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Schools MS/PhD at 57

  1. Mar 23, 2017 #1
    Any advice on any MS/PhD physics programs that a) would accept a 57 year old guy, b) would accept that I work full time so would be dong this part time, and c) are more interested in actually teaching than in me just being a grad slave for them? Or am I crazy to think such is even possible?
     
  2. jcsd
  3. Mar 23, 2017 #2
    When I was in graduate school, one of my fellow graduate students was a retired faculty member (a department head if I recall correctly) from another school. He was trying to finish a PhD in his mid-70s. He was finding it pretty rough going, as I recall. I think it can be done, but it certainly will not be easy.

    Trying to mix full time work with graduate school is difficult at any age, but in this case, I doubt that it will work at all. Is it possible for you to drop out of your regular employment and get by on an assistantship?

    Finally, much of what you learn in graduate school will have to be self-taught in the final analysis. Your expectations to be taught may be unrealistic.
     
  4. Mar 23, 2017 #3
    I've been in graduate school before, dropped out because of the 'grad slave' mentality. In those 15 credits, taken between when I was 40 and 41, yes, full time work did cut into my productivity as a student, but there was definite teaching going on. Thank you for your insights.
     
  5. Mar 23, 2017 #4
    Nice to know age discrimination is alive and well.
     
  6. Mar 23, 2017 #5
    For what reason would a physics professor fund someone part-time to do a physics PhD? Why bring someone onto the team that takes twice as long to do the same amount of work and likely cannot attend some impromptu meetings due to schedule conflicts, etc.?
     
  7. Mar 23, 2017 #6
    I wouldn't blame any trouble you might have on your age. You want to get funded for a PhD while working somewhere else and you see what you would be doing as slave work... That is probably a bigger problem to an institution than your age would ever be. You have to do some type of project at most places to get a higher education. If you don't want to do a TAship (if that is what you call slave work), then you could probably just pay the $75,000+(cost at my school for 5 years) dollars yourself, there are probably places that won't have a problem with that.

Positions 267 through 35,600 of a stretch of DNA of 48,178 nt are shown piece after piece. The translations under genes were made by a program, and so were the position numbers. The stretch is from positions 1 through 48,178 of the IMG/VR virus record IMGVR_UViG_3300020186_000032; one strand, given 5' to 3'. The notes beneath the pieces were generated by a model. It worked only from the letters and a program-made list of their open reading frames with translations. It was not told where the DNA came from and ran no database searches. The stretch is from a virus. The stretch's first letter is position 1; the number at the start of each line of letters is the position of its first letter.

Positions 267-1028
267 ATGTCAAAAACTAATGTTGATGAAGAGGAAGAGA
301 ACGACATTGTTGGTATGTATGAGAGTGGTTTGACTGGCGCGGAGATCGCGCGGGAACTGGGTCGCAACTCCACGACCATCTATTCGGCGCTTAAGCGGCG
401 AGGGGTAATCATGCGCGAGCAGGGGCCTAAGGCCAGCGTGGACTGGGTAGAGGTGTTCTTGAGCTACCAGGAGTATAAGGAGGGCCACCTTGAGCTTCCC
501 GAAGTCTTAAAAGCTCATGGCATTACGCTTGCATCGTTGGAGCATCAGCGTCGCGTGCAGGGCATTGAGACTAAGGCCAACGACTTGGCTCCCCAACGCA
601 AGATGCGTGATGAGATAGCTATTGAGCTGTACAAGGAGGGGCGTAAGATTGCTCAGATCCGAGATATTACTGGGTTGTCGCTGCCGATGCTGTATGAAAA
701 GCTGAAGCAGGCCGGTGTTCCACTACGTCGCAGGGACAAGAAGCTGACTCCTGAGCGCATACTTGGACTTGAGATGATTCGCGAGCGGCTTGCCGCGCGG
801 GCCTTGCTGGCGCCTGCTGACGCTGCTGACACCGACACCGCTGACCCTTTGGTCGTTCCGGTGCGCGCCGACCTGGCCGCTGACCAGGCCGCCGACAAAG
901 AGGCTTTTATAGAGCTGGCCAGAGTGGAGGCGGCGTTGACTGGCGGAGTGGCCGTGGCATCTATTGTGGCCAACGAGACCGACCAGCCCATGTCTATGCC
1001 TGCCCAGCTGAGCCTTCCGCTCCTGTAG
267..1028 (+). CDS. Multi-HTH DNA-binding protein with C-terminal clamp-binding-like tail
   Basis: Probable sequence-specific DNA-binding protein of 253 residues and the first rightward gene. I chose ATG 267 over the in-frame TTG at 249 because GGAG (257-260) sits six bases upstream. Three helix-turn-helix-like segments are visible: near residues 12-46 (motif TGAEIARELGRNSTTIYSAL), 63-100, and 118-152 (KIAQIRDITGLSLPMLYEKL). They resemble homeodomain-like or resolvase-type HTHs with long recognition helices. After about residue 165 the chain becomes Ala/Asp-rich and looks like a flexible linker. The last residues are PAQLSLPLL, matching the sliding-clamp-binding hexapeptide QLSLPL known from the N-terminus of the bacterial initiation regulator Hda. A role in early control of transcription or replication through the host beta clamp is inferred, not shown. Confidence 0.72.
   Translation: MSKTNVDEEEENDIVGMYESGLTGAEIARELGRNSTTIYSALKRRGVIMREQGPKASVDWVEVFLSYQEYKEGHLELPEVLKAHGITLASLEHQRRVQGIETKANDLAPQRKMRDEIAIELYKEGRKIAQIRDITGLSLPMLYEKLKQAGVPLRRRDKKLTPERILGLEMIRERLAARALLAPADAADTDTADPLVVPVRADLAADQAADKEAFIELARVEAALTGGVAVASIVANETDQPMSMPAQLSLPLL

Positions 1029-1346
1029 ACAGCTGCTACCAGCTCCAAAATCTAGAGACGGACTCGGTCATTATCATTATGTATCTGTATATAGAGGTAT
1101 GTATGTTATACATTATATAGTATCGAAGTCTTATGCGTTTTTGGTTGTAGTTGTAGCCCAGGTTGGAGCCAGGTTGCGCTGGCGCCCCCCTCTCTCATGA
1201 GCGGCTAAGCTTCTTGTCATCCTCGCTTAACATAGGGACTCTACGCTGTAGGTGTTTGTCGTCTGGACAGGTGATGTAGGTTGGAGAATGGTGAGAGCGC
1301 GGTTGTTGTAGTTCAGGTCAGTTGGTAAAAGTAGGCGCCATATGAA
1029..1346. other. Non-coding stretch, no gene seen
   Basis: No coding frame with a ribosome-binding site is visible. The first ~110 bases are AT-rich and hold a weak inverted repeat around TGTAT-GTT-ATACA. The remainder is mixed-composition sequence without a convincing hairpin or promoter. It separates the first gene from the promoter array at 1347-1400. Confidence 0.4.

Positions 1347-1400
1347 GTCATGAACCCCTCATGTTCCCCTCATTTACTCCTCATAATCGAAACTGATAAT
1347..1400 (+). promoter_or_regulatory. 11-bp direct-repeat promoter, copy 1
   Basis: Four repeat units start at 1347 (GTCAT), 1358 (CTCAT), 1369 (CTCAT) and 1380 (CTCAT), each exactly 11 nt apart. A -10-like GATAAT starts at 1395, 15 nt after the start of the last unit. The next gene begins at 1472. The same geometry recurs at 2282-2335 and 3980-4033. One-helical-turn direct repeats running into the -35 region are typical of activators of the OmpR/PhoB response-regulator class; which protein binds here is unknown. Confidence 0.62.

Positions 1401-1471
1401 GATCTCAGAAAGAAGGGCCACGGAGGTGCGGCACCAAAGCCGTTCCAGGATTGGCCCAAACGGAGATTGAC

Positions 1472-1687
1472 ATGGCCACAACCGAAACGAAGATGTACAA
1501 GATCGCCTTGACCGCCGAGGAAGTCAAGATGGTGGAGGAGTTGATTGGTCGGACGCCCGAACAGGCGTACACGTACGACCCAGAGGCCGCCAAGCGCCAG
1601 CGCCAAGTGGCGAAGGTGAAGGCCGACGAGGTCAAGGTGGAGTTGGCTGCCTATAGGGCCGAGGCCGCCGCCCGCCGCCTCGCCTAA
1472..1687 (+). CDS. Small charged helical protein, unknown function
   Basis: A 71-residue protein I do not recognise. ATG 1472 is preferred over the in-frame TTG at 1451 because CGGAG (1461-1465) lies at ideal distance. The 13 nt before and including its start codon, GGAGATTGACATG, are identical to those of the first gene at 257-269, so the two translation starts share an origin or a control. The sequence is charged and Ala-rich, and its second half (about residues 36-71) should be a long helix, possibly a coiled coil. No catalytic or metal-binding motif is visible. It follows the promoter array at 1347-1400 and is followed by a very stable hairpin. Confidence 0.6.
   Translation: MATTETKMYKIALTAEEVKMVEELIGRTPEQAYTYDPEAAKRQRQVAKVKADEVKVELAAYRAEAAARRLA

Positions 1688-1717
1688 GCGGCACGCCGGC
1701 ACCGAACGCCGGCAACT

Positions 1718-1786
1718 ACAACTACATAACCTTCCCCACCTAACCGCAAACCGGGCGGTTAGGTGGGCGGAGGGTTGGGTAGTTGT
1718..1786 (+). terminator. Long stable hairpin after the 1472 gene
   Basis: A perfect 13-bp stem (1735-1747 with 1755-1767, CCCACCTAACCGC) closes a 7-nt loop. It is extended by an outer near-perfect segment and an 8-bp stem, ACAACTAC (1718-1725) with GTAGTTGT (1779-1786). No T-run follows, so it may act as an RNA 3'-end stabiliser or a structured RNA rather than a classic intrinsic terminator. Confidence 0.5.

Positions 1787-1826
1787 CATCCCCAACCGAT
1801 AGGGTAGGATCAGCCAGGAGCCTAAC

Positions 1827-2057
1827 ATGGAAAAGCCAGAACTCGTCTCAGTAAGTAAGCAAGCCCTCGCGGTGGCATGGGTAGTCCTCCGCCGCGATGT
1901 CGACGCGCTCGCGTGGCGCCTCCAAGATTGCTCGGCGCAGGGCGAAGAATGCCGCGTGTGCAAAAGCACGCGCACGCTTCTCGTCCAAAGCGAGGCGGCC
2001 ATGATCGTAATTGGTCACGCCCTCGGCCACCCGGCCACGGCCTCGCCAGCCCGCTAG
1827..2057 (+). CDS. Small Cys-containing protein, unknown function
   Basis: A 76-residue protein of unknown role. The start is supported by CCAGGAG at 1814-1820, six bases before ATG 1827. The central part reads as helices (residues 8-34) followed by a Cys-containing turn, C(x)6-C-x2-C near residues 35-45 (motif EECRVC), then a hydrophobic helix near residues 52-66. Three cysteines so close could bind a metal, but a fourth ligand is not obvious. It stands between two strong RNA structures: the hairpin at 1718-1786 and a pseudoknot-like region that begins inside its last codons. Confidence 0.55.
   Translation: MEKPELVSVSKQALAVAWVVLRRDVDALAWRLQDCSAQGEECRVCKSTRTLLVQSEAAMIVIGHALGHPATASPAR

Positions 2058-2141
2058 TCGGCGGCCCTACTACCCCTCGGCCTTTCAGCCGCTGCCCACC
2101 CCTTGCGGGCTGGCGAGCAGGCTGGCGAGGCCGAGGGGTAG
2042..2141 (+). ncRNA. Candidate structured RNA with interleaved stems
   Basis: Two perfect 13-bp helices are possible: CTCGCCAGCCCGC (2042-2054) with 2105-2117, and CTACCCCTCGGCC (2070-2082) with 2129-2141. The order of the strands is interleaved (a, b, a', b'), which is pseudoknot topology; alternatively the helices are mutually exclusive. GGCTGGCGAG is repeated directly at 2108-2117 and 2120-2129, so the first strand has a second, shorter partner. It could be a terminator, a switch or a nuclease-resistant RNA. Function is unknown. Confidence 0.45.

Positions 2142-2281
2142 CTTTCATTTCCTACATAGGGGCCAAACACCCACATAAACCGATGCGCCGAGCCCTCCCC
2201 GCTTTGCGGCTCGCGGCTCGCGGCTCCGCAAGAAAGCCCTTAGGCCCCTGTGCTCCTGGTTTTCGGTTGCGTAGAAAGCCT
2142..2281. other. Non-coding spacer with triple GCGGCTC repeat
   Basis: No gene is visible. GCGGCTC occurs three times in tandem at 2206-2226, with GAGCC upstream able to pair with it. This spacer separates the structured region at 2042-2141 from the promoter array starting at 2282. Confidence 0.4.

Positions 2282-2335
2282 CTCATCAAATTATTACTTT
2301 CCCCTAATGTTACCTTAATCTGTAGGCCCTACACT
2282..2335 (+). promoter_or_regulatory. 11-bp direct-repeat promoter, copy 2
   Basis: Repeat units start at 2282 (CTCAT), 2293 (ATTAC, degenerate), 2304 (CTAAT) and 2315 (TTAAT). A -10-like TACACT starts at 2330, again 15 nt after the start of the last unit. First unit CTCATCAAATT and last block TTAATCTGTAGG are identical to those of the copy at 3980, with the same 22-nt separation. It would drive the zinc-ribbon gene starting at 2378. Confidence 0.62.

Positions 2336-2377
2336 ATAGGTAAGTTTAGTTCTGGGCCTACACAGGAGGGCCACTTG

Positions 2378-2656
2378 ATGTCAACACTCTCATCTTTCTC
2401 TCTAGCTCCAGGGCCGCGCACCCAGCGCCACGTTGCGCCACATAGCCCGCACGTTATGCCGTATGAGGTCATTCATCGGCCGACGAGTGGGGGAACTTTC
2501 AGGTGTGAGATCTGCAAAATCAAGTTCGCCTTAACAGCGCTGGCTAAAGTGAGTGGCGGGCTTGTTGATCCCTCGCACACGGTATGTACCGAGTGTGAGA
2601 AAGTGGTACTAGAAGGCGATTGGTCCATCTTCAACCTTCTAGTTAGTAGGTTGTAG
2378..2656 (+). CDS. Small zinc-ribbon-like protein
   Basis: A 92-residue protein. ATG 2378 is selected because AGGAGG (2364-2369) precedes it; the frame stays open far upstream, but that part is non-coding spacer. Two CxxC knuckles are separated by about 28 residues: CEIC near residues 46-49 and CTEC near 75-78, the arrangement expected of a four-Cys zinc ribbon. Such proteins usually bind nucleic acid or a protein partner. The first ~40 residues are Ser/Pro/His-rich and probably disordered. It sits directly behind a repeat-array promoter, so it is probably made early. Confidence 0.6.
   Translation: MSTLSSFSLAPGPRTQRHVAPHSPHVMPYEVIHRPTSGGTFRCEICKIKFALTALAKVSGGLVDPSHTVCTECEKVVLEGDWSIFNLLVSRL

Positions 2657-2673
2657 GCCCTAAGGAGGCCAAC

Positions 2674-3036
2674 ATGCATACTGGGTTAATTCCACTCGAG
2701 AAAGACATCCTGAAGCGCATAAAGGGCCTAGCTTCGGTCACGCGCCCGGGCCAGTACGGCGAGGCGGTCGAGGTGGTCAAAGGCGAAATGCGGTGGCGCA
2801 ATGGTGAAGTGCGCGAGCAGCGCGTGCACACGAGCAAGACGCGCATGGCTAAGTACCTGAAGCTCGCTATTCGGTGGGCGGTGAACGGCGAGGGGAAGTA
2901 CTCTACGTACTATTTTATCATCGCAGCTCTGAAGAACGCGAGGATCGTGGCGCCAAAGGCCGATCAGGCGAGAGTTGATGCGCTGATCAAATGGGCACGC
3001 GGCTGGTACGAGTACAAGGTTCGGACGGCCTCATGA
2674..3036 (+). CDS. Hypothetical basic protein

8. Mar 23, 2017 #7
    Who said I wanted to be funded?

    I never said that.

    Sorry,
    Thanks for playing.
     
  9. Mar 23, 2017 #8

    symbolipoint

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    The discussion happening do not suggest nor support that, at all. The member of 57 year age is a full-time employee wanting to get into a graduate degree program, and hopes for entering a part-time program because of wanting to stay employed.

    WHERE to find such part-time program? There was one university in southern California which allowed for Physics students to part time study for graduate (Master's) degree. Not sure if the school still allows that program.
     
  10. Mar 23, 2017 #9

    I was doing that, teaching full time as a visiting lecturer, TAing full time then required to ALSO sit in the Chinese grad students TA classes to handle the Questions they couldn't handle in English. The lecturer position made enough money to pay the fees that weren't covered by my TA work. The covering for the Chinese grad students, that was done because the profs required it, no pay.

    While being a full time grad student.

    When I told the grad director that I didn't have time to cover for the Chinese grad students (whose English skills were almost non-existent) he told me that if I didn't cover for them, my grades would suffer.

    That is 'grad slave' work. Being told that the unpaid work you're doing to cover for others who couldn't do their job, will affect your grades.